This morning I lead chapel at Riverview Estates. It’s a (mostly) Baptist retirement facility down by the Delaware River. There is a special connection between Riverview and Central Baptist, many of our members have lived, worked, or volunteered down there over the years (some have even done all three) so we feel that Riverview really is part of our fellowship. It’s been hard this year because we’ve had some wonderful people at Riverview take the journey home and we all sorely miss them.
This morning, however, I almost called in sick. I’m recovering from a nasty Summer cold and can’t project my voice to speak, much less sing – I also worry about infecting people who’s immune systems are already weak. Despite my misgivings, I went down anyway, and i’m glad I did. There was a lot of encouragement to be had.
First, the woman who plays piano when I’m down brightened up when I came in and said, “Oh, I want to show you something!” She then took out a Book of Common Prayer and said, “Are you familiar with this?” When I nodded she smiled and said, the refrain you use during prayer time is there, do you know that? (After joys or concerns at Central the person leading prayer says, “Lord in your mercy” and the congregation responds, “Hear our prayer”).” When I said, “Yes” again she smiled and said, “Our new rector wanted to use different version of ‘Prayers of the People’ this week and when I saw the refrain I suddenly got it – it really meant something to me.” That really meant something to me.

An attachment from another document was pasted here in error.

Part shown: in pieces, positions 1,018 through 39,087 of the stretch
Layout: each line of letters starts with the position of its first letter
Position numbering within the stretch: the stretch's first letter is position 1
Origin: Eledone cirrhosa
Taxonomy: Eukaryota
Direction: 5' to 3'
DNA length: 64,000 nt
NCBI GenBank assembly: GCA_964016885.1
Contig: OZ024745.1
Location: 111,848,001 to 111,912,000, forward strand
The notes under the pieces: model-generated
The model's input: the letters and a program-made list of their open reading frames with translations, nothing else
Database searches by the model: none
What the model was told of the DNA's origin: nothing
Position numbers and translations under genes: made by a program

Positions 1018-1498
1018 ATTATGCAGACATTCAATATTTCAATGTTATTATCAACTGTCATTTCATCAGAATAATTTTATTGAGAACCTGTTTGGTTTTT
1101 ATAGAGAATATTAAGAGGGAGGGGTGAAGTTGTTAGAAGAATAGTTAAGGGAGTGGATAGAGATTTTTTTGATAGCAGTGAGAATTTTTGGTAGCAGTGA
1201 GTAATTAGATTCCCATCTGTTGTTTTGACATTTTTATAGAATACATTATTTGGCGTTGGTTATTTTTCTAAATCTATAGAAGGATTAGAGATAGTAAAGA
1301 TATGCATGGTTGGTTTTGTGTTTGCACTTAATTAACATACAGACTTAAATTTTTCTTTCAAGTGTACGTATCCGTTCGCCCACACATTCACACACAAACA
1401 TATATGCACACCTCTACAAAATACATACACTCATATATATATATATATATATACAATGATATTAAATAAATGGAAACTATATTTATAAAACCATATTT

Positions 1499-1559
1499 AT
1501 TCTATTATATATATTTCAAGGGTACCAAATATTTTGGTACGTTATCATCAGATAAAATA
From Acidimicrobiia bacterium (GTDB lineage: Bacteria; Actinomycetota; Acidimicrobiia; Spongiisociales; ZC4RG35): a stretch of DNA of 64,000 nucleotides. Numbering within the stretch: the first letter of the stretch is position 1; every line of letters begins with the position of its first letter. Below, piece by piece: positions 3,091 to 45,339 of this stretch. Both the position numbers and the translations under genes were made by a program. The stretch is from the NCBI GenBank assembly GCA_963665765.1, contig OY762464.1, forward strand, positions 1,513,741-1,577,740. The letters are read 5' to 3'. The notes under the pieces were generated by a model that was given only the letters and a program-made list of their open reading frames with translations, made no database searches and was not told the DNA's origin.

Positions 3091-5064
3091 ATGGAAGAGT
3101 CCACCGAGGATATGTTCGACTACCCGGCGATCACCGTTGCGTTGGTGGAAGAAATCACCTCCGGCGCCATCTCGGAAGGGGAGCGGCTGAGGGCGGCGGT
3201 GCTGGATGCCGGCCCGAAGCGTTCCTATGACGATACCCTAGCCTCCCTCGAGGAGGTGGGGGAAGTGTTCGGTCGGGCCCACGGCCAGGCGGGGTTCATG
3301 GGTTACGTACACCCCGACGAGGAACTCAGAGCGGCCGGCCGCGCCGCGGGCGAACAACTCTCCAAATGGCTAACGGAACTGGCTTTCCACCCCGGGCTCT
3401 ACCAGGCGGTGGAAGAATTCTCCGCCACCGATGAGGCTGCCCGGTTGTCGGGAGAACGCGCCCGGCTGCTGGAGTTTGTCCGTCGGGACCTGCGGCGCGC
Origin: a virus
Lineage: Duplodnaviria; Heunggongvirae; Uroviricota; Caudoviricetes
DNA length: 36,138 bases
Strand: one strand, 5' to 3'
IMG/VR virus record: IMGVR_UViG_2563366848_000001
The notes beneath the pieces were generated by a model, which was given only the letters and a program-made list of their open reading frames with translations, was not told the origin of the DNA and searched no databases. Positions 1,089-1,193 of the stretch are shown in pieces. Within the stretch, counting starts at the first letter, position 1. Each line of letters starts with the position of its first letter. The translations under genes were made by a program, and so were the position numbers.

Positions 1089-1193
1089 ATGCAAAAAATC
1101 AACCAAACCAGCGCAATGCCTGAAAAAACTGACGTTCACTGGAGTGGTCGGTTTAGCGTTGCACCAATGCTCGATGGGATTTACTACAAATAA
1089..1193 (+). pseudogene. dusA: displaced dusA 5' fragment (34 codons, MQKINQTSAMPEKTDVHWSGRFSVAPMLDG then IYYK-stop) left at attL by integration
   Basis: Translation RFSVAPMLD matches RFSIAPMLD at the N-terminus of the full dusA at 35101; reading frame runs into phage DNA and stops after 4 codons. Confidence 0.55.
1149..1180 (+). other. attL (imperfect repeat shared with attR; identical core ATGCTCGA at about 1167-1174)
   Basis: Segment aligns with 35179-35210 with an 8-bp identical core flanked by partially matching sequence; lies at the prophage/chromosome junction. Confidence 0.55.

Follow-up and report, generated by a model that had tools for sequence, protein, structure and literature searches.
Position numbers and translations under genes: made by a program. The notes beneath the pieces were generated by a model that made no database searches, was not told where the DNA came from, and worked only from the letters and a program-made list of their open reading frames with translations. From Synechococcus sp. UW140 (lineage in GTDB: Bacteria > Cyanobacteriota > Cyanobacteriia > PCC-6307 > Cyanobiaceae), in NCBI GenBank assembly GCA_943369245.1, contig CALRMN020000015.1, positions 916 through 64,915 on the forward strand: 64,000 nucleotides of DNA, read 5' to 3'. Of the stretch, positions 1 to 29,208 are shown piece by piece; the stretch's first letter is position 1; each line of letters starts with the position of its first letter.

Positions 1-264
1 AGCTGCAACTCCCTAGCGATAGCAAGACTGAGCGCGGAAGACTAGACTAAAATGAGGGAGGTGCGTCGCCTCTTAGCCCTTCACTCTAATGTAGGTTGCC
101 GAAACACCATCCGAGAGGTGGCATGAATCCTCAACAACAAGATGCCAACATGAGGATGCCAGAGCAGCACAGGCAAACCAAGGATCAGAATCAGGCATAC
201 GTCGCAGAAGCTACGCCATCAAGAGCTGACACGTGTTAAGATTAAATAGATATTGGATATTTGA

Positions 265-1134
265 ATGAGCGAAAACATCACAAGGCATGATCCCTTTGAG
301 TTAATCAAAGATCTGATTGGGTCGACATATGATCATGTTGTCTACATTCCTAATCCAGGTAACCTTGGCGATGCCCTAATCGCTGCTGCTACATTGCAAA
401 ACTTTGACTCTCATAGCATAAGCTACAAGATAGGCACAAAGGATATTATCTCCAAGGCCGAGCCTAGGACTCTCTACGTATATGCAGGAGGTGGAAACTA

Second, a nice older woman was wheeled in he her chair, looked at the accompanist and I, and said, “I love you guys.” That’s always a treat.
Third, I announced that I wouldn’t be able to sing this morning due to my cold and folks were kinda bummed. One lovely woman took up the slack and tried to make sure that everyone was singing along – which is not hard to do when half the people are nodding off!
Fourth, during prayer time a retired pastor asked for prayer that he’d continue to be formed by Jesus (I can’t remember his exact words, but that’s the gist of it). I thought that was pretty wonderful – here was a retired pastor, who took some joy knowing that he still had growing to do.
Fifth, we sang happy birthday to a 92 year old woman who may just be one of the most talented and brilliant people I’ve ever met (she taught herself to paint just a few years ago because she wanted to try something new). She’s also a retired pastor and a person I love to see.
Sixth, during my short meditation a woman (who is about as sweet as can be) kept saying things like “amen” and “hallelujah.” Now, when I often hear such call-outs during worship there’s often an undertone of, “are YOU listening?” that floats into it. This woman, however, was expressing herself out of a sense of joy and longing. It touched me deeply in worship – not that she was saying “amen” to me, but that she actually was saying it to Jesus.
Seventh, on the way out they gave me a fresh-baked cinnamon scone. How awesome is that?
If you ever get a chance to visit, work, or volunteer down at Riverview Estates – I highly recommend it. The residents are wonderful, the staff is caring, and there’s a lot of joy found there.